• Barak Obama And Israel
    Ed Lasky, American Thinker

    One seemingly consistent them running throughout Barack Obama’s career is his comfort with aligning himself with people who are anti-Israel advocates. This ease around Israel animus has taken various forms. As Obama has continued his political ascent, he has moved up the prestige scale in terms of his associates. Early on in his career he chose a church headed by a former Black Muslim who is a harsh anti-Israel advocate and who may be seen as tinged with anti-Semitism.

  • Where They Stand
    Pete Du Pont, Wall Street Journal

    …[T]he political ups and downs of the candidates and the electricity of the campaign–“I am promising change!”–matter much less than the substantive policies the next president would implement regarding the five most important challenges facing our country.

2 thoughts on “Republican Politics”

  1. “But I fear too many years within the beltway, and those who have spent those years with him not recommending him in the droves we’d expect, are very indicative of a lack of character and ability.”

    Or quite possibly the in-step GOP establishment or Bush loyalists do not own McCain and cannot control him thereby re-emphasizing his amazing character, political ability, and independence.

    You might refresh your recollection of all the conservatives who do back McCain and others who have seen the light:

    Sam Brownback, Kansas
    Conrad Burns, Montana
    Richard Burr, North Carolina
    Tom Coburn, Oklahoma
    Susan Collins, Maine
    Pete Domenici, New Mexico
    Lindsey Graham, South Carolina
    Jon Kyl, Arizona
    Joe Lieberman, Connecticut
    Trent Lott, Mississippi
    Mel Martinez, Florida
    Gordon Smith, Oregon
    Olympia Snowe, Maine
    John Thune, South Dakota
    John Warner, Virginia
    Dan Evans, Washington

    Dan Coats, Indiana
    Alfonse D’Amato, New York
    Peter Fitzgerald, Illinois
    Slade Gorton, Washington
    Phil Gramm, Texas
    Warren Rudman, New Hampshire
    Mike DeWine, Ohio
    Howard Baker, Tennessee
    Conrad Burns, Montana
    Alphonse D’Amato, New York

    Spencer Bachus, Alabama
    Mike Castle, Delaware
    Tom Davis, Virginia
    Lincoln Diaz-Balart, Florida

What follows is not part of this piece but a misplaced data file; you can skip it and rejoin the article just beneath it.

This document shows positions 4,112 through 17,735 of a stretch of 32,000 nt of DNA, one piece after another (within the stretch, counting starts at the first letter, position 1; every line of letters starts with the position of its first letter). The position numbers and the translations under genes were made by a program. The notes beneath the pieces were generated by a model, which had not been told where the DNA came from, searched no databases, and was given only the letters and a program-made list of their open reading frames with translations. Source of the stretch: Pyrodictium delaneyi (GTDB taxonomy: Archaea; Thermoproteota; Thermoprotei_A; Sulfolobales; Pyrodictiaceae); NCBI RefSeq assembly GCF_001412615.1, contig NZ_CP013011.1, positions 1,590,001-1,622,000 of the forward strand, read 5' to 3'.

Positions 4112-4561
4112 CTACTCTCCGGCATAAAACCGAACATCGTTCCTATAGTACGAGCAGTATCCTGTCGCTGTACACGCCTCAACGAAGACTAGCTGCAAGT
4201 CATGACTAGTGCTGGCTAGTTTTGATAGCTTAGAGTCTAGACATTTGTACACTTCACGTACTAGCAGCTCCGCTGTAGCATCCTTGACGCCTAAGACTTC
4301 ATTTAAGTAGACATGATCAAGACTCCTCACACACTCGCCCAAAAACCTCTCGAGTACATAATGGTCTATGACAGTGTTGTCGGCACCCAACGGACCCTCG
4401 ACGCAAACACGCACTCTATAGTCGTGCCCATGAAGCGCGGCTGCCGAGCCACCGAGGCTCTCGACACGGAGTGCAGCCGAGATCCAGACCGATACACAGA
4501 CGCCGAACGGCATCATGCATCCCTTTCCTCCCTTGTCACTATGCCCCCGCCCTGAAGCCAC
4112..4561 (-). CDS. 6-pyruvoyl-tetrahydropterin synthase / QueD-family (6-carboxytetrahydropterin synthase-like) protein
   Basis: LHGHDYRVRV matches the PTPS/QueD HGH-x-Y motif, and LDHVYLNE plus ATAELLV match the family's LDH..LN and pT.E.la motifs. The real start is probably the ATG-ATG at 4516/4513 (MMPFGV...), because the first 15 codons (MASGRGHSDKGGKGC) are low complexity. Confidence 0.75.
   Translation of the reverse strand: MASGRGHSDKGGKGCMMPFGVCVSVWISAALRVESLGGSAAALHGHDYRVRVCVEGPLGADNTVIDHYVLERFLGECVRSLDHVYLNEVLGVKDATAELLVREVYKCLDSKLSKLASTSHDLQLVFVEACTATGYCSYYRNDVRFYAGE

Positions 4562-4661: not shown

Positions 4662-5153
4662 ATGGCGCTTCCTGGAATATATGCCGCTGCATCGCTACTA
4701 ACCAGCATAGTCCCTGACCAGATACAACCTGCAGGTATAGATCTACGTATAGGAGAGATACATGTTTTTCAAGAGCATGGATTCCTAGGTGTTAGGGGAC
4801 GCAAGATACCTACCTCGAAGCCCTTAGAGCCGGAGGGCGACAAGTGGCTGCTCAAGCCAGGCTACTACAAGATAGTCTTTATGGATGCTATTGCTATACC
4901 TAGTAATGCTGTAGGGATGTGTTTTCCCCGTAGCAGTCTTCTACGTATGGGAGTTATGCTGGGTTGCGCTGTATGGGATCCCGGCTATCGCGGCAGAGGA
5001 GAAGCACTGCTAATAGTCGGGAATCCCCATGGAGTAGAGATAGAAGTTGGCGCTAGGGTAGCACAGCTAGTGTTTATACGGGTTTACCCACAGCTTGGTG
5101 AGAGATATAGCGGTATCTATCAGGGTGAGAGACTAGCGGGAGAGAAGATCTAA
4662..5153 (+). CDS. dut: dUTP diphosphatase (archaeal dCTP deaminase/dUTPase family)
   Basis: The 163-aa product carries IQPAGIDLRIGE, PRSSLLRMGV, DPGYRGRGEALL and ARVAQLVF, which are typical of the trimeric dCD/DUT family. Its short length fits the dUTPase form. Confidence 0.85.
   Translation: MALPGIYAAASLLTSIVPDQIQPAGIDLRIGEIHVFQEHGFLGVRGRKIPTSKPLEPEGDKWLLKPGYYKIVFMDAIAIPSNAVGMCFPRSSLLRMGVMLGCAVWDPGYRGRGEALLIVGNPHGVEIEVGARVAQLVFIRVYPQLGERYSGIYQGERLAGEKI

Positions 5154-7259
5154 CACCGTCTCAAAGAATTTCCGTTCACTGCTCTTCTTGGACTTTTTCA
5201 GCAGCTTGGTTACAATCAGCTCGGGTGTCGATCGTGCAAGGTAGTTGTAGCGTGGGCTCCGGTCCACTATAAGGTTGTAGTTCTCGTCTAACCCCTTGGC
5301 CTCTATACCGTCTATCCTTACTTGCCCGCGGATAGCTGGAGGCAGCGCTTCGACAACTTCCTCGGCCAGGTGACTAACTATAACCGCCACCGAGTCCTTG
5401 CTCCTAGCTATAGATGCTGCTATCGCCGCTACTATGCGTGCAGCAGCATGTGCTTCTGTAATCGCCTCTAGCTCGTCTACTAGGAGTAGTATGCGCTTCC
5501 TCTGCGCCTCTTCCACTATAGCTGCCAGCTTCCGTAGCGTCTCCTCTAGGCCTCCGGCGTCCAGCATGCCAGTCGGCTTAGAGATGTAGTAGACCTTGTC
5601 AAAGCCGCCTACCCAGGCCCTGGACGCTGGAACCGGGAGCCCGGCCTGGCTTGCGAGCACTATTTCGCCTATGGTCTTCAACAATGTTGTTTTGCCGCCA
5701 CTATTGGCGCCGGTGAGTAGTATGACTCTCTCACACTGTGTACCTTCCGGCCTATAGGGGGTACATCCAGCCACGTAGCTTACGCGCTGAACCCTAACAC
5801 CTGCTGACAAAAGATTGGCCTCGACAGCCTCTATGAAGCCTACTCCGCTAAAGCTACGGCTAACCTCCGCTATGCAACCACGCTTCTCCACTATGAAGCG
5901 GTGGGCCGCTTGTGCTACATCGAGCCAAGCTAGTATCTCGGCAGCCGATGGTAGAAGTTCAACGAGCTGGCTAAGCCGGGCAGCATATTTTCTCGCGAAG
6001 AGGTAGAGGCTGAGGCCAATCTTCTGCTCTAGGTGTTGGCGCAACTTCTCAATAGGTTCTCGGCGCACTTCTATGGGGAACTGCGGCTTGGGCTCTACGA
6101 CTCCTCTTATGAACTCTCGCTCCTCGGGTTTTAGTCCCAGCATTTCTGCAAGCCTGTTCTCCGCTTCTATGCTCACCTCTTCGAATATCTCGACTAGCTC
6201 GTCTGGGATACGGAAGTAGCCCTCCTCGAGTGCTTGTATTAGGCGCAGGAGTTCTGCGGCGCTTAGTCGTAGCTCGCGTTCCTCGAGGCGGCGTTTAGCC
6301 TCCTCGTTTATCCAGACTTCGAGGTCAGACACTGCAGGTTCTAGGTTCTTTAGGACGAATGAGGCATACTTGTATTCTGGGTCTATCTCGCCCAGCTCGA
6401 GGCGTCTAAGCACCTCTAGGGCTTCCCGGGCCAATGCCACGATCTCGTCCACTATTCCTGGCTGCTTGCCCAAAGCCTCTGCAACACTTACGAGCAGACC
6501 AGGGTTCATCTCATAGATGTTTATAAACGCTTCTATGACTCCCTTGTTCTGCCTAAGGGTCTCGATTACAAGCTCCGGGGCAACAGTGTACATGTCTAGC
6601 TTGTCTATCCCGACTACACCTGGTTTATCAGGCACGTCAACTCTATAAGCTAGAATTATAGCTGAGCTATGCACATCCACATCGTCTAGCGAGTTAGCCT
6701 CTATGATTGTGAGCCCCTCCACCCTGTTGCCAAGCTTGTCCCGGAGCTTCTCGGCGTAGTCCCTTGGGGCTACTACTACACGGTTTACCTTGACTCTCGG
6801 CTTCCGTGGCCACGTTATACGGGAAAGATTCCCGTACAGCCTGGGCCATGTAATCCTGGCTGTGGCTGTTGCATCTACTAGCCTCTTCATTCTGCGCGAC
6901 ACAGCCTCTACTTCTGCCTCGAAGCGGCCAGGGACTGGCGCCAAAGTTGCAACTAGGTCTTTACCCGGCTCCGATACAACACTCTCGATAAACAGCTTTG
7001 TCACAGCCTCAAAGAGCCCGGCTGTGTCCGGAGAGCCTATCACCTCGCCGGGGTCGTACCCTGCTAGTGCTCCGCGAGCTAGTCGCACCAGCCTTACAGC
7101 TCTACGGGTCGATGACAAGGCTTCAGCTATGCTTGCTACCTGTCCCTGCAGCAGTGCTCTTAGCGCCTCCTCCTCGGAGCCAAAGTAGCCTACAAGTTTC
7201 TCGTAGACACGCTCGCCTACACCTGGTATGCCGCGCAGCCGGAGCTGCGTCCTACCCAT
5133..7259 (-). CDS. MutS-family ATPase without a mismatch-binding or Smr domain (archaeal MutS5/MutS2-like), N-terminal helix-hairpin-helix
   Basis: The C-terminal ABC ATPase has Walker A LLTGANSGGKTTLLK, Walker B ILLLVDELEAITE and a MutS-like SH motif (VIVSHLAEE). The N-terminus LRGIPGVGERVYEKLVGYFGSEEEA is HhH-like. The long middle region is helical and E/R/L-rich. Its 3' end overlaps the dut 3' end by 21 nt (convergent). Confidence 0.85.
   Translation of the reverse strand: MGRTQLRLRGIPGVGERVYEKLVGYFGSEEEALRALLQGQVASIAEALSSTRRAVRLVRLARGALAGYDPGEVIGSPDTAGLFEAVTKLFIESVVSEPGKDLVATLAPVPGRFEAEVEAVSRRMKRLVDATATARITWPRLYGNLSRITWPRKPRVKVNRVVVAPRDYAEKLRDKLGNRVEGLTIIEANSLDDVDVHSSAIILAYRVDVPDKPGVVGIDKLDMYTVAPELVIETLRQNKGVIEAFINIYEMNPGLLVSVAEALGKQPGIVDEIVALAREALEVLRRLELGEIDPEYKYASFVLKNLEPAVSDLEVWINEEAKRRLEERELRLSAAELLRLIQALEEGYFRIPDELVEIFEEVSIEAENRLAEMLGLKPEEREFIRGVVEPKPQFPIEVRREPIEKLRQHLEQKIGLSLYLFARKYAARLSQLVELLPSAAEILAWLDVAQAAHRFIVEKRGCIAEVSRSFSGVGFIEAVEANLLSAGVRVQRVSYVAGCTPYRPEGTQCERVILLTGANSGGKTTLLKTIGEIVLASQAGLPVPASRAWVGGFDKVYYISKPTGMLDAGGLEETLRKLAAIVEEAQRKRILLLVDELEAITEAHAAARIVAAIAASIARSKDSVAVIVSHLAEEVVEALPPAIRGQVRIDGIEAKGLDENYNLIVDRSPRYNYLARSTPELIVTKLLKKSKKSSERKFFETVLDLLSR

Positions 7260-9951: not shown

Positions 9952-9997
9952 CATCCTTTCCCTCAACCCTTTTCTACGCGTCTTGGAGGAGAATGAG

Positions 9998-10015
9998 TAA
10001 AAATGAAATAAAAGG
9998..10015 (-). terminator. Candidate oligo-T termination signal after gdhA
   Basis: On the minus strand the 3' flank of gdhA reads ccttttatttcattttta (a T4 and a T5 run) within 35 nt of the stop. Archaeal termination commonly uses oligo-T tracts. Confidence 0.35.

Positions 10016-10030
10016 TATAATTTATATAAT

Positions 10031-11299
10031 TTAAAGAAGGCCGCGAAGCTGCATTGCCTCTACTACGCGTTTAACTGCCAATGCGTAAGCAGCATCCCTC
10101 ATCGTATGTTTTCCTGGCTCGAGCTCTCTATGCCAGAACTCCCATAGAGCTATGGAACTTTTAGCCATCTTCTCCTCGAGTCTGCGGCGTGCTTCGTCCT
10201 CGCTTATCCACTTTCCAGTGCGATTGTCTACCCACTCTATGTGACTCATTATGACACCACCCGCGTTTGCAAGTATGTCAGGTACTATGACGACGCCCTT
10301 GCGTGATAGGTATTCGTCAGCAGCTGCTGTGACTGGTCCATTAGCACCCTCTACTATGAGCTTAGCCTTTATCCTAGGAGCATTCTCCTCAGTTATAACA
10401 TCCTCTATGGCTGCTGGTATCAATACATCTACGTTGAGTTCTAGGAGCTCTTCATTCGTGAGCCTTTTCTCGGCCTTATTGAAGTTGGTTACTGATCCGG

Mario Diaz-Balart, Florida
    Jeff Flake, Arizona
    Ric Keller, Florida
    Mark Kirk, Illinois
    Ray LaHood, Illinois
    Steven LaTourette, Ohio
    Dan Lungren, California
    Todd Platts, Pennsylvania
    Chip Pickering, Mississippi
    Peter Roskam, Illinois
    Ileana Ros-Lehtinen, Florida
    John Shadegg, Arizona
    Chris Shays, Connecticut
    John Shimkus, Illinois
    Fred Upton, Michigan
    Joe Wilson, South Carolina
    Jeff Miller, Florida
    Joe Wilson, South Carolina

    Steve Bartlett, Texas
    Jim Courter, New Jersey
    Joseph J. DioGuardi, New York
    Chuck Douglas, New Hampshire
    Ambassador Fred J. Eckert, New York
    Greg Ganske, Iowa
    Tom Loeffler, Texas
    Joe Schwartz, Michigan
    Dick Zimmer, New Jersey

    Charlie Crist, Florida
    Mitch Daniels, Indiana
    Jim Douglas, Vermont
    Jon Huntsman, Utah
    Tim Pawlenty, Minnesota

    William Clements, Texas
    Tom Kean, New Jersey
    Frank Keating, Oklahoma
    Jim Martin, North Carolina
    John McKernan, Maine
    William Milliken, Michigan
    Walter Peterson, New Hampshire
    Tom Ridge, Pennsylvania
    Buddy Roemer, Louisiana
    Jane Swift, Massachusetts


    Of course, Fred Thompson and Rudy Giuliani will be next…

  2. I’m sorry Jay. I listen to Medved and so I’ve heard these names before. Republican Senators are not ones to inspire me generally, they had leadership and couldn’t keep out pork barrel spending or advance the conservative cause or agenda.

    Further, I cannot get past the Gang of 14. McCain/Feingold, McCain Kennedy. Yes, he is skilled at working across the lines, but he does not champion conservative issues at all. His political history is one of following expediency, not moral courage or principled stands.